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Trump valet Walt Nauta charged in Mar-a-Lago classified documents case



Federal authorities have charged a longtime aide to Donald Trump whose responsibilities included moving and carrying cardboard boxes in which the former president likes to keep mementos and papers.

Prosecutors have viewed Walt Nauta — a military valet in the Trump White House and now a personal aide to the former president — as a critical witness in the investigation into possible mishandling of classified government materials at Mar-a-Lago, Trump’s Florida residence and private club.

Read the full text of the Trump indictment in classified documents case

On Friday, a 49-page indictment was unsealed charging the Navy Veteran with six criminal counts, alleging that he conspired with and helped the former president hide his unlawful retained classified documents from Trump’s attorney, the FBI and a grand jury, and lying about it. The offenses are punishable by up to 20 years in prison.

An attorney for Nauta declined to comment.

Nauta was charged alongside Trump on five of the counts. The former president was charged with 37 of 38 counts of the overall indictment on counts including conspiring to obstruct justice, willful retention of national security information and false statements.


“I have just learned that the “Thugs” from the Department of Injustice will be Indicting a wonderful man, Walt Nauta, a member of the U.S. Navy, who served proudly with me in the White House, retired as Senior Chief, and then transitioned into private life as a personal aide,” Trump wrote on Truth Social on Friday morning, disclosing the news hours before the official court unsealing of charges.

Nauta was with the former president in New Jersey on Friday morning as the news broke, said a person who was also with the two at Trump’s Bedminster club.

The aide who stayed: Walt Nauta, key witness in Trump documents case

When first questioned by FBI agents in the spring of 2022, Nauta denied any knowledge that sensitive documents were being stored at Trump’s club, The Washington Post has reported.

But when questioned a second time, he told investigators that he had moved boxes at Trump’s direction after prosecutors sent a subpoena seeking the return of all documents marked classified and kept at Mar-a-Lago.

The indictment paints a detailed portrait of Nauta’s involvement. He was among employees who packed up Trump’s papers at the White House, and followed him to Mar-A-Lago. On Dec. 7, 2021, Nauta opened a storage room door there and found several of Trump’s boxes toppled over with their contents spilled on the floor, including a document marked “SECRET” and releasable only to five U.S. allies. Nauta took a photo and shared it with another employee with classified information visible.

Between Nov. 2021 and Jan. 2022, Trump had Nauta and a second employee bring boxes from the storage room to his residence for his review. Other Trump employees said Trump was reviewing them under pressure to belatedly return government records to the National Archives and Records Administration, and Nauta discussed with some of them how Trump was “tracking” the boxes and wanted new box lids because he had written too much on them.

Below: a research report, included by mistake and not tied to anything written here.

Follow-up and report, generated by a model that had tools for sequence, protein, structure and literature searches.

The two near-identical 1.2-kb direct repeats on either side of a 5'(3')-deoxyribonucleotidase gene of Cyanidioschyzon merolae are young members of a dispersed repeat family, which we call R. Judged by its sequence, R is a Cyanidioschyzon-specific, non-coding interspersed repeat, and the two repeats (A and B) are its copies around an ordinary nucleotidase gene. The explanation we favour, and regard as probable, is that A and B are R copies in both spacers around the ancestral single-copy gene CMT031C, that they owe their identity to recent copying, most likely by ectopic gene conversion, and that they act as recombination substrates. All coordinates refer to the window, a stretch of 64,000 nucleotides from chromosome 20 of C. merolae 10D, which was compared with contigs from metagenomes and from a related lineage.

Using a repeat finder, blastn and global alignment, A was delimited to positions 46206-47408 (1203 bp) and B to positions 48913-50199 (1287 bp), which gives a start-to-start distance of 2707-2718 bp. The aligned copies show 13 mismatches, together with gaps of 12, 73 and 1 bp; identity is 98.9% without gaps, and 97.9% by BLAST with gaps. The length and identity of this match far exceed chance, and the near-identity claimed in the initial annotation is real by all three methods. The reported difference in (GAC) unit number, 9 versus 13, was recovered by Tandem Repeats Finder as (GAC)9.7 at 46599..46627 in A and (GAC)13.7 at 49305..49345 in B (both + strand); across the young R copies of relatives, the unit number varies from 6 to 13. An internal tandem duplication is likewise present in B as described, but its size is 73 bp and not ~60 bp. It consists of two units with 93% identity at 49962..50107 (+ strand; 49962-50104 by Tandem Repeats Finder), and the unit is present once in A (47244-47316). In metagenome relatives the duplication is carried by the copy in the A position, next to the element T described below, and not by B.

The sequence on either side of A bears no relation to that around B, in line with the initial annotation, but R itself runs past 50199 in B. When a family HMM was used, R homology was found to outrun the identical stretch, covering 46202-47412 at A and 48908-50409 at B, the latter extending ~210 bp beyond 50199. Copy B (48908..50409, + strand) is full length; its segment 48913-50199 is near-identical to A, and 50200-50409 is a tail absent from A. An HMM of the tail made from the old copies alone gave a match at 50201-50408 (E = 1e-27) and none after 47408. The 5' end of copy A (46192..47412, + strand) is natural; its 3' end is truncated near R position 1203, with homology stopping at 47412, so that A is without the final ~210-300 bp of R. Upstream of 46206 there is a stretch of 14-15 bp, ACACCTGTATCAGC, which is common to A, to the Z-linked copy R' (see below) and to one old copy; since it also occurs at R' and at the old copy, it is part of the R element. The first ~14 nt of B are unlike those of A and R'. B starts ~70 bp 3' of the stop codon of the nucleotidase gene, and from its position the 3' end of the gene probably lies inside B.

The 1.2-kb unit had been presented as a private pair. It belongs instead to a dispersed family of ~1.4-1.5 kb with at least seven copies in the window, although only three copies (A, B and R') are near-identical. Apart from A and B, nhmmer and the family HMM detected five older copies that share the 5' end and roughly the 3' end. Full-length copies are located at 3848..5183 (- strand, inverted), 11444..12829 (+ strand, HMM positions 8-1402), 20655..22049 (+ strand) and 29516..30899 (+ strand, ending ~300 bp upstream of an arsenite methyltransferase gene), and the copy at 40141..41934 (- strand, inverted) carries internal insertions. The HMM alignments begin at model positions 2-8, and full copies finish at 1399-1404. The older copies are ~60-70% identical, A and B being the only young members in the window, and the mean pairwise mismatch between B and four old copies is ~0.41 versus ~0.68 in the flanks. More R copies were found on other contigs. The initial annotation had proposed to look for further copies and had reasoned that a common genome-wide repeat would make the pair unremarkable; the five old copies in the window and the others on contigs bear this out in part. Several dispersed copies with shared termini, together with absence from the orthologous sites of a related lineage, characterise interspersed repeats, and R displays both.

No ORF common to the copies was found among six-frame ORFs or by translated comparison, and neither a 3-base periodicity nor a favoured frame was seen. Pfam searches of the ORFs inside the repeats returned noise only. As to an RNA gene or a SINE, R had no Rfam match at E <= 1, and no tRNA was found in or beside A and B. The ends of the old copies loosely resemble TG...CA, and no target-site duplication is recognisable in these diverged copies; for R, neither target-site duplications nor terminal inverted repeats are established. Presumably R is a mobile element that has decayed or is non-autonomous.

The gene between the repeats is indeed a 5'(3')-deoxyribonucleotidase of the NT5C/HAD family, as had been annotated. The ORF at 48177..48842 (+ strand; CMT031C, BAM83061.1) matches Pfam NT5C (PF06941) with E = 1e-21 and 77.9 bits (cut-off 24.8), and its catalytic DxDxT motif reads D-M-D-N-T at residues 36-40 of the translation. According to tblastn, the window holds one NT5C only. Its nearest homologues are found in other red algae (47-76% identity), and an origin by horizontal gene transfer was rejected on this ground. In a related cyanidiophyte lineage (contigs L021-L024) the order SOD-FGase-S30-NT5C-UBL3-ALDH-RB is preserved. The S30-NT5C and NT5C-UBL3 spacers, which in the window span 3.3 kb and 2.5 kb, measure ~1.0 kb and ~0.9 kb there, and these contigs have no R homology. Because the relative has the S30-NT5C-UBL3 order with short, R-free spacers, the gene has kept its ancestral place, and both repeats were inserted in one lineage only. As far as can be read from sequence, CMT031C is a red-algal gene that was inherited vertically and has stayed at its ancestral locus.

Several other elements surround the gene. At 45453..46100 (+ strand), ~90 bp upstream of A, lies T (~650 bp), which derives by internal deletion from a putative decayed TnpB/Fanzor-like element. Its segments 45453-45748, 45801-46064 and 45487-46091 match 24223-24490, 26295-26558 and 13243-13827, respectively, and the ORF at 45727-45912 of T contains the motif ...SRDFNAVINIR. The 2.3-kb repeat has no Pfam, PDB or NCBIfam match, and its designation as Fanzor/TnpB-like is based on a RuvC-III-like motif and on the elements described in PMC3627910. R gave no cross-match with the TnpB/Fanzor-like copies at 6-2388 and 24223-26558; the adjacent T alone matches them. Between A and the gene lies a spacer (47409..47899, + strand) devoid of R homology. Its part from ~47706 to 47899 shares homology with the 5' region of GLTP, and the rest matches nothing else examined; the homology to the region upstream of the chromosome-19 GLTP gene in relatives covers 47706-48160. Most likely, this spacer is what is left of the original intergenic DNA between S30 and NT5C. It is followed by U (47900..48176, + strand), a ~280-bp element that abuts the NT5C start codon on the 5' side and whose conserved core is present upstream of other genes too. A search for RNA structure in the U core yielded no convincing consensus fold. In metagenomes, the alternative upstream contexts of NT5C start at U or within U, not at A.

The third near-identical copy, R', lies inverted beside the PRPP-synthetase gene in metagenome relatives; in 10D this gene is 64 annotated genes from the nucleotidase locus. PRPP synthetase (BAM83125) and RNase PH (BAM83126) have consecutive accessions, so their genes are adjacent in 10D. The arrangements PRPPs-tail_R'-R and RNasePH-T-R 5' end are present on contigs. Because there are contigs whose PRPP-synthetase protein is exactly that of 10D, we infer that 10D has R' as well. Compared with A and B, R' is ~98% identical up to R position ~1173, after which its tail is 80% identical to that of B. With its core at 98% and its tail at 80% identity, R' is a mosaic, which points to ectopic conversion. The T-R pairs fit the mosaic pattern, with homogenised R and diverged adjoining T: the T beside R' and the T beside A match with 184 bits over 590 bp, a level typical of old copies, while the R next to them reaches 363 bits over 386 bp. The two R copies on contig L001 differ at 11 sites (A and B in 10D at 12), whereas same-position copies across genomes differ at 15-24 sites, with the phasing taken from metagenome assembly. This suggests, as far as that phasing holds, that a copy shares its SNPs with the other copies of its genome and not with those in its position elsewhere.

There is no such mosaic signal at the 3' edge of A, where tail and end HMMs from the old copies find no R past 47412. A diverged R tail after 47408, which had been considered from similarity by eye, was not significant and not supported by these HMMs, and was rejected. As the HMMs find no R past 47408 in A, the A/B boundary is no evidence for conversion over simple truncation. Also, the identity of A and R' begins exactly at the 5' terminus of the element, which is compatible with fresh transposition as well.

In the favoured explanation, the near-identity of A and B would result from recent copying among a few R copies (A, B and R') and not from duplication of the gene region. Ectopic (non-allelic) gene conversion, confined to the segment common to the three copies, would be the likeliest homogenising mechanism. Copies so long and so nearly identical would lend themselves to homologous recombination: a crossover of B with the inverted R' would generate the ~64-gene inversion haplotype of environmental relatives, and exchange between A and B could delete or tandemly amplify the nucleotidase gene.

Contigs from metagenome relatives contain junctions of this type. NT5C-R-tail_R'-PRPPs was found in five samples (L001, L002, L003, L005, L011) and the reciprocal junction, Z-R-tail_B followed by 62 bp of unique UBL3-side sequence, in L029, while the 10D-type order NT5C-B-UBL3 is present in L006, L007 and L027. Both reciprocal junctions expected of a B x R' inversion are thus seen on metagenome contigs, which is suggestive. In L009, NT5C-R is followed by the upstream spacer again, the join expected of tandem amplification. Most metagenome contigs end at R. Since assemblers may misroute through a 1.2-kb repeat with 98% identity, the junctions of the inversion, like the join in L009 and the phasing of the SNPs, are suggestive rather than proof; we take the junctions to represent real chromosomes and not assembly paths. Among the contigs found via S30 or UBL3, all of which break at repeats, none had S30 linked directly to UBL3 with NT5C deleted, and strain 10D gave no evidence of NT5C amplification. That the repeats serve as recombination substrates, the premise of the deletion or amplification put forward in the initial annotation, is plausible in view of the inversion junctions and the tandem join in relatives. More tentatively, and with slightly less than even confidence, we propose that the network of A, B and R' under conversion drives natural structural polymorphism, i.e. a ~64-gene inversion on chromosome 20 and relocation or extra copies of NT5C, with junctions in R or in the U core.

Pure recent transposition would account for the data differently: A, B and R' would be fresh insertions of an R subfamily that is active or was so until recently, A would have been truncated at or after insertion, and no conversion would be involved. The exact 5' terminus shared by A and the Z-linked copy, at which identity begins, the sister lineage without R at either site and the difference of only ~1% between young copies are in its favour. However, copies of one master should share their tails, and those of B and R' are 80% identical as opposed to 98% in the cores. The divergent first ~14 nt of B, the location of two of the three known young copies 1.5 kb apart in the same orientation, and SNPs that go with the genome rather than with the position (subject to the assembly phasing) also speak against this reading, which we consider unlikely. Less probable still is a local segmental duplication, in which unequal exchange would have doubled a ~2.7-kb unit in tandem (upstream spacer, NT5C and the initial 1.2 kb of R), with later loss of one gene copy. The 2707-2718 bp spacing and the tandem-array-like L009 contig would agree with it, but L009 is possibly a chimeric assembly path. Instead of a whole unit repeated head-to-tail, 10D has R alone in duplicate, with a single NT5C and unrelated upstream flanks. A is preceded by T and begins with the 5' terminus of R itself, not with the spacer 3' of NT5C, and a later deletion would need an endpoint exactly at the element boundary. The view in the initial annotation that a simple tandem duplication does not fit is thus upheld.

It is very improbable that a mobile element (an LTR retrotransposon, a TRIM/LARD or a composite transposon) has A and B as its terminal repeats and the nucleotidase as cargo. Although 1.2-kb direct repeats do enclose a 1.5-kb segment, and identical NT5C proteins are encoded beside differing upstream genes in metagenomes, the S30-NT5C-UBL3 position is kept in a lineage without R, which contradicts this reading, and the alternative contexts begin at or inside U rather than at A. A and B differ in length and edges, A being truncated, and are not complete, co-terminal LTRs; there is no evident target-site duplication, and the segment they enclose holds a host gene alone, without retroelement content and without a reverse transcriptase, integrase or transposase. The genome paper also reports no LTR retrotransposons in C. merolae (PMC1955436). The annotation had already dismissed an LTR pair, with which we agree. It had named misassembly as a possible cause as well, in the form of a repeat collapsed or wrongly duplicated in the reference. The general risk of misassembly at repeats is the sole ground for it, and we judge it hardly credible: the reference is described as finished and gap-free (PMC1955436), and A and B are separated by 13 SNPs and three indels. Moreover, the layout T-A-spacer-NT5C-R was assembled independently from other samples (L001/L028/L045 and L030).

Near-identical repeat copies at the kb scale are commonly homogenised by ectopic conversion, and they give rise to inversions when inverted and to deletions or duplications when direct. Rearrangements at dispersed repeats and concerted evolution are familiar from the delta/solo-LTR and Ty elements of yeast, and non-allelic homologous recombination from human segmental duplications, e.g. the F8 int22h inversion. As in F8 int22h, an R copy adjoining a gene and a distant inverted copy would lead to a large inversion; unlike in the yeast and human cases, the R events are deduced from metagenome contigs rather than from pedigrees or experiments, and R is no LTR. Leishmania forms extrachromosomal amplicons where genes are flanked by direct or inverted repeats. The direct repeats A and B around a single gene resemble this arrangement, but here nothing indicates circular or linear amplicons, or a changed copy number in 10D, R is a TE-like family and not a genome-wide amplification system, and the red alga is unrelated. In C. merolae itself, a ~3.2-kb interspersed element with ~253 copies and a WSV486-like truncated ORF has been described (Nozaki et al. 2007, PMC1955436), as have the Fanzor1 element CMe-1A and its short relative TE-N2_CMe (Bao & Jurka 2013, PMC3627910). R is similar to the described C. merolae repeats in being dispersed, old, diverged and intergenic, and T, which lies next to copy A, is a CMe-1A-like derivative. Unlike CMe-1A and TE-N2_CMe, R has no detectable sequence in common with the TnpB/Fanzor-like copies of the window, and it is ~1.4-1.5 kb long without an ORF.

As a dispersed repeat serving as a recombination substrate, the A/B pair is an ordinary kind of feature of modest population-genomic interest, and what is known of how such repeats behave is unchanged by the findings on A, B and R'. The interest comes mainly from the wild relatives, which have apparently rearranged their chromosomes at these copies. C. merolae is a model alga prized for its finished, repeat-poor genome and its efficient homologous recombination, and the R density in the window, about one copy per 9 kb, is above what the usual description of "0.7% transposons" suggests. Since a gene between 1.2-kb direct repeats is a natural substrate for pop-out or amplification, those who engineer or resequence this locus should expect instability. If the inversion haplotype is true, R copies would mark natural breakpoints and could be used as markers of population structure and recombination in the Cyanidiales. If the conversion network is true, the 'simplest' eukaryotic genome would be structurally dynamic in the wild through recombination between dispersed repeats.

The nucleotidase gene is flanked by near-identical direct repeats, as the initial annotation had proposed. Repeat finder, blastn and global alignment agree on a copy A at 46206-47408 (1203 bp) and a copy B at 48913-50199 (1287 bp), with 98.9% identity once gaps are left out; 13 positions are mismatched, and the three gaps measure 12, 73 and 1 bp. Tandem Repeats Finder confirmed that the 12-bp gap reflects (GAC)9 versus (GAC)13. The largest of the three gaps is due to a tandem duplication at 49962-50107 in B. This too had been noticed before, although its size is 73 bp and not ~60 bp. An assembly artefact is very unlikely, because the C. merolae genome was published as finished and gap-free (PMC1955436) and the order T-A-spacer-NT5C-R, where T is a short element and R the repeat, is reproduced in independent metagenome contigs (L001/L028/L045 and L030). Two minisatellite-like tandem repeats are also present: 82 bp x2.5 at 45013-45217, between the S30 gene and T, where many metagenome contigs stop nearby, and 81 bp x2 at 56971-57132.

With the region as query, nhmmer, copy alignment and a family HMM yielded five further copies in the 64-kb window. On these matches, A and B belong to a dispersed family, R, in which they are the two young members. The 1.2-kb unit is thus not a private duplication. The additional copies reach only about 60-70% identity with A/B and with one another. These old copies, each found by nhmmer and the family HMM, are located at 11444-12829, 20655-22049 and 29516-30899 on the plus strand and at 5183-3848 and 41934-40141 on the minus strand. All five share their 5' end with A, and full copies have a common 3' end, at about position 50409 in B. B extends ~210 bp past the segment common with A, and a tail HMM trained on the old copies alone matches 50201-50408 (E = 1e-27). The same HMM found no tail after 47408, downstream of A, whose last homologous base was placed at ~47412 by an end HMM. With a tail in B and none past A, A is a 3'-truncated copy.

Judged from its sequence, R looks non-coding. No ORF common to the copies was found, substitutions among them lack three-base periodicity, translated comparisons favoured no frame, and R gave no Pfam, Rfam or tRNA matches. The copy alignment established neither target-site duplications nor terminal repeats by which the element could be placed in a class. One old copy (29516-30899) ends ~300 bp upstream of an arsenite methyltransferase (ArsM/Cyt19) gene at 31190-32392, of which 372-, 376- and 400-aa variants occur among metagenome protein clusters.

The indictment says Nauta then moved 15 boxes in his vehicle for return delivery to NARA. But when questioned by the FBI later, he allegedly made three false statements, including by saying he “was not aware of Trump’s boxes being brought to Trump’s residence for his review” before their return to the Archives, and that he didn’t know how boxes that he moved for delivery to NARA had gotten to the residence.

In a voluntary interview with the FBI on May 26, 2022, Nauta was asked whether he knew where the boxes had been stored prior to before being moved to Trump’s residence, and whether they were secure. “I wish, I wish I could tell you. I don’t know. I don’t — I honestly just don’t know,” Nauta said, according to the indictment.

The indictment also charges that Nauta was also involved in helping Trump mislead attorney Evan Corcoran — identified in papers as Trump attorney 1 — who was trying to ensure Trump’s compliance with a May 2022 grand jury subpoena to return sensitive government records as part of a criminal investigation.

Between a May 23, 2022, meeting between Trump and his attorneys and June 2, when Corcoran was told to review documents in the storage room, Nauta removed 64 boxes and delivered them Trump’s residential area, according to charging papers. But before June 2, Nauta only moved 30 boxes into the storage room, prosecutors said, and neither Trump nor Nauta told Corcoran that boxes had been removed.

Nauta, whose full first name is Waltine, continued to work and travel with Trump throughout the long-running investigation.

Nauta was known in the White House for his quiet on-the-job demeanor and ability to stay out of messy internal and partisan squabbling, several colleagues told The Post earlier this year. He frequently traveled with Trump to his homes at Mar-a-Lago and in Bedminster, N.J., learning his boss’s rhythms and catering to his daily needs.

In an interview in Guam, where Nauta was born and grew up, his aunt said he has conveyed to family that he was following directions when he moved the boxes at Mar-a-Lago.


“He told his mom there’s nothing to worry about. He didn’t do anything wrong. All he was instructed was to put the boxes where they were supposed to go,” said Elly Nauta, who lives two doors down from Nauta’s mother.

This is a developing story and will be updated.

Source: Washington Post

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